In April 2008 Prime Minister Manning dismissed his standing Minister of Trade and Industry under the pretext of ‘wajang behaviour’. It would emerge from MP Rowley that the real reason for his dismissal was an enquiry into a 60 room hotel that had mysteriously appeared in the architectural plans for NAPA. The hotel’s out-of-timing architectural inclusion was- it would seem- just the tip of the iceberg in the influence of the all-powerful Calder Hart, who we were to learn was a private citizen who had been granted powers higher than possibly the entire Cabinet combined- sans the Prime Minister. The NAPA issue thus uncovered not only the extraordinary powers granted to Calder Hart, but also an administration itself gone rogue. Things collapsed further. NAPA then opened the door for the phenomenal Commission of Enquiry into UDECOTT chaired by Professor Uff. This televised Commission was an extraordinary ‘growing up pill’ for the country who finally were able to see the dealings of big boys, big money and government high handedness- peeled back for all to see the dirty machinery.

During this entire procedure NAPA and the Arts – the thing that got us there- disappeared… In the billion dollar cut-and-thrust it was deemed unimportant. Art again relegated to the sideline. Nonetheless the artist representative group the Artists Coalition of T&T (ACTT) appeared on the Commission and placed their long struggles to make NAPA purpose-built as an immortal part of the public record. ACTT’s submissions were not mentioned in the mainstream press at all. However for anyone with eyes to see, NAPA obviously remained near and dear to Calder Hart and the PM- twice Calder Hart extended private guided tours of the facility for Professor Uff- the final time even breaching protocol to do so. So obsessive was their need to sell NAPA as the jewel in the crown. It would prove to be of no avail.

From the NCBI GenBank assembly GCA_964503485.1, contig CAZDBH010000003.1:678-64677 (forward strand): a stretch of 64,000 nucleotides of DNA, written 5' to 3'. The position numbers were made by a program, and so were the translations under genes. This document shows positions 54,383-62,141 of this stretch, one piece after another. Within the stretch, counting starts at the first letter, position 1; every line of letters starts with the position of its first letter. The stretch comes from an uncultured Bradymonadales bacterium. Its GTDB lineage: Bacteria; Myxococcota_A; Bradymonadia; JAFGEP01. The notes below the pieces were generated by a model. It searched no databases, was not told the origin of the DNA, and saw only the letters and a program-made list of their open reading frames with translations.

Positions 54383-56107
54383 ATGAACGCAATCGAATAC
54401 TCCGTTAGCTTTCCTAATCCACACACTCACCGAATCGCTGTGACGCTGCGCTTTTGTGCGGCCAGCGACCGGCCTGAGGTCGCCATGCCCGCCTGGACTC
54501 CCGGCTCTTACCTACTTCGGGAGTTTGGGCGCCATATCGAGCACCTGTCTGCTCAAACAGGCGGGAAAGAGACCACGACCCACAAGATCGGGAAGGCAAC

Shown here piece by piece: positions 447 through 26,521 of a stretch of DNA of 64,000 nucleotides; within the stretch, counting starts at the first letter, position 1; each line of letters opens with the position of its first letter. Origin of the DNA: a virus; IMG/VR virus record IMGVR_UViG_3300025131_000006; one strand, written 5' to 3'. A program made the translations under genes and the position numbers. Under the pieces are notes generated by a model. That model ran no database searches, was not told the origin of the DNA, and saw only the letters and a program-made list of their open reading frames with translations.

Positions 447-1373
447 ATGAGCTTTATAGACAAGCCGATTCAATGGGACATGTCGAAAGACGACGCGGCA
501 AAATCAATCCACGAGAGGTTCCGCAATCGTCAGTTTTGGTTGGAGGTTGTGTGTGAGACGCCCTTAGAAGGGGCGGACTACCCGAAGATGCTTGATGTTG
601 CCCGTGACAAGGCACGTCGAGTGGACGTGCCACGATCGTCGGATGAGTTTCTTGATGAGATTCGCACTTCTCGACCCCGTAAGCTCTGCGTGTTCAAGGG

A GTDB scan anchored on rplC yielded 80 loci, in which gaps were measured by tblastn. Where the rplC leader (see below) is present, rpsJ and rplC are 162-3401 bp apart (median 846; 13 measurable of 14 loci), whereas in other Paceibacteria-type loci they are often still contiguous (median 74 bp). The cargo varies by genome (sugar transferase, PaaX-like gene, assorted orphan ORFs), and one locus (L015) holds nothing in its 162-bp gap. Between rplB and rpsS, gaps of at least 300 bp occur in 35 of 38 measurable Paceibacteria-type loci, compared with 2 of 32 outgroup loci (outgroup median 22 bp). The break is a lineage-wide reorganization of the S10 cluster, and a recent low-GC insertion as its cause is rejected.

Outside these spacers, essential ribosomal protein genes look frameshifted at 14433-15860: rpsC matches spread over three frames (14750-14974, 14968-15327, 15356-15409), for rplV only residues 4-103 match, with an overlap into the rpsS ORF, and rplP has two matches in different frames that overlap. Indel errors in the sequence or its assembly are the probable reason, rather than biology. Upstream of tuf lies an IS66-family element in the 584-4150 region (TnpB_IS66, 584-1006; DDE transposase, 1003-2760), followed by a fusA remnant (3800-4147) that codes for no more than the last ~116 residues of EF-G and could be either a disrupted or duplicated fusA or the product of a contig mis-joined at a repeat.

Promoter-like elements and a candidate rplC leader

But first some context: Since Independence the artists of Trinidad and Tobago have clamoured for a Home for the Arts to be built- and Princes Building Grounds became the site designate. Elaborate architectural plans, feasibilities and programming specs have been drawn up since the 1960s by geniuses like master masmen George Bailey and Terry Evelyn. The building was promised in nearly every single budget since then to the present until it became a sick joke to artists. They fought every government for it to no avail- the PNM administrations in particular treated it like a sick game of political football. It took the NAR administration to take it seriously and it was they who conducted widespread consultations and held a competition for its construction. The site was now in Mt. Hope around where the Arthur Lok Jak School building currently is. For this reason there are actually dozens of versions of what a Home for the Arts- a NAPA- is supposed to look like. All done by Trinidad and Tobago’s greatest architects like Colin Laird and more.

Artists continued to dream and lobby for this building until 2005 when finally it was announced in the Budget. Unfortunately there was no consultation- and the plans that artists saw made it clear to us that the persons who conceived of this version of NAPA had never received a local brief and could never have read or saw any of the previous plans for the place. NAPA it seemed was bought ‘cat in bag’ from the Chinese because it ‘looked pretty’, reminded someone of something he had seen before, and suited someone’s purpose. That purpose according to designs were not the purposes of the Arts and Culture community of Trinidad and Tobago and her threatened traditions. For 5 years artists tried to get government to consult and take on board the corrective specs- the PM, Calder Hart and UDECOTT, and the Ministry of Culture refused to do so.